I would like to extend Rahul’s answer a bit.
systemd tries to restart multiple times (
StartLimitBurst) and stops trying if the attempt count is reached within
StartLimitIntervalSec. Both options belong to the
The default delay between executions is 100ms (
RestartSec) which causes the rate limit to be reached very fast.
systemd won’t attempt any more automatic restarts ever for units with Restart policy defined:
Note that units which are configured for
Restart=and which reach the
start limit are not attempted to be restarted anymore; however, they
may still be restarted manually at a later point, from which point on,
the restart logic is again activated.
Rahul’s answer helps, because the longer delay prevents reaching the error counter within the
StartLimitIntervalSec time. The correct answer is to set both
StartLimitBurst to reasonable values though.
Yes, there is. You can specify to retry after
x seconds under
[Service] Type=simple Restart=always RestartSec=3 ExecStart=/path/to/script
After saving the file you need to reload the daemon configurations to ensure
systemd is aware of the new file,
then restart the service to enable changes,
systemctl restart test
As you have requested, Looking at the documentation,
sounds like a decent recommendation.
systemd gives up trying to restart it
No. systemd gives up trying to restart it for a little while. This is clearly shown in the log that you supply:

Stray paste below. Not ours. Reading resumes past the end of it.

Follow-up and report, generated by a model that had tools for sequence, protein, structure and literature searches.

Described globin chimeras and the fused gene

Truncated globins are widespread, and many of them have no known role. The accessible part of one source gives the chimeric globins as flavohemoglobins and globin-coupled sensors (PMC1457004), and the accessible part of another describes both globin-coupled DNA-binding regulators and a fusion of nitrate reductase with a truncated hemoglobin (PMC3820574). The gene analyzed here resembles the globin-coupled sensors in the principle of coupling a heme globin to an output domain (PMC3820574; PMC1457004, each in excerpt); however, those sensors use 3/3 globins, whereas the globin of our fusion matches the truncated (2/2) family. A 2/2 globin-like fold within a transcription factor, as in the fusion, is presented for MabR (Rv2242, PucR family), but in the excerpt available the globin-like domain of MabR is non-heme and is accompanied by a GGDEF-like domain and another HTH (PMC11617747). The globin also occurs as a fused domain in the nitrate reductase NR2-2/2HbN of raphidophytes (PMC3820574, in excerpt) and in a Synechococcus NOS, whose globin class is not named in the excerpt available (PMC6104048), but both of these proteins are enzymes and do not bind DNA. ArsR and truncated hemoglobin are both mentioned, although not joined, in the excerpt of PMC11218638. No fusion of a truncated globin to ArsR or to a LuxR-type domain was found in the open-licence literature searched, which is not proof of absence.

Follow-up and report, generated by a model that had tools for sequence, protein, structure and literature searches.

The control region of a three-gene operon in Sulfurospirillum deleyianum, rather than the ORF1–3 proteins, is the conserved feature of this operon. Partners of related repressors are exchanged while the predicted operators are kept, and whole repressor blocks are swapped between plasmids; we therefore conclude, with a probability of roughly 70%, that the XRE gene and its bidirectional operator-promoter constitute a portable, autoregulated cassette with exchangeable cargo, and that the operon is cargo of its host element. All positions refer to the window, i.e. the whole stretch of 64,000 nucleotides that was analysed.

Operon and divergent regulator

Jun 14 11:25:51 localhost systemd: test.service: Failed with result 'start-limit'.
This is rate limiting kicking in.
The length of the little while is specified in the service unit, using the
StartLimitIntervalSec= setting. The number of starts that are needed within that interval to trigger the rate limiting mechanism are specified via the
StartLimitBurst= setting. If nothing on your system differs from vanilla systemd, including the defaults for these two settings, then it is 5 times within 10 seconds.
StartLimitIntervalSec=0 disables rate limiting, so systemd will retry forever rather than giving up. But making your service either not exit so often, or idle enough between exits and restarts that it does not exceed the rate limiting threshold, is a better approach.
Note that rate limiting does not care how your service exited. It triggers on the number of attempts to start/restart it, irrespective of their cause.
- Lennart Poettering (2013-10-07).
systemd.unit. systemd manual pages. freedesktop.org.
- Systemd’s StartLimitIntervalSec and StartLimitBurst never work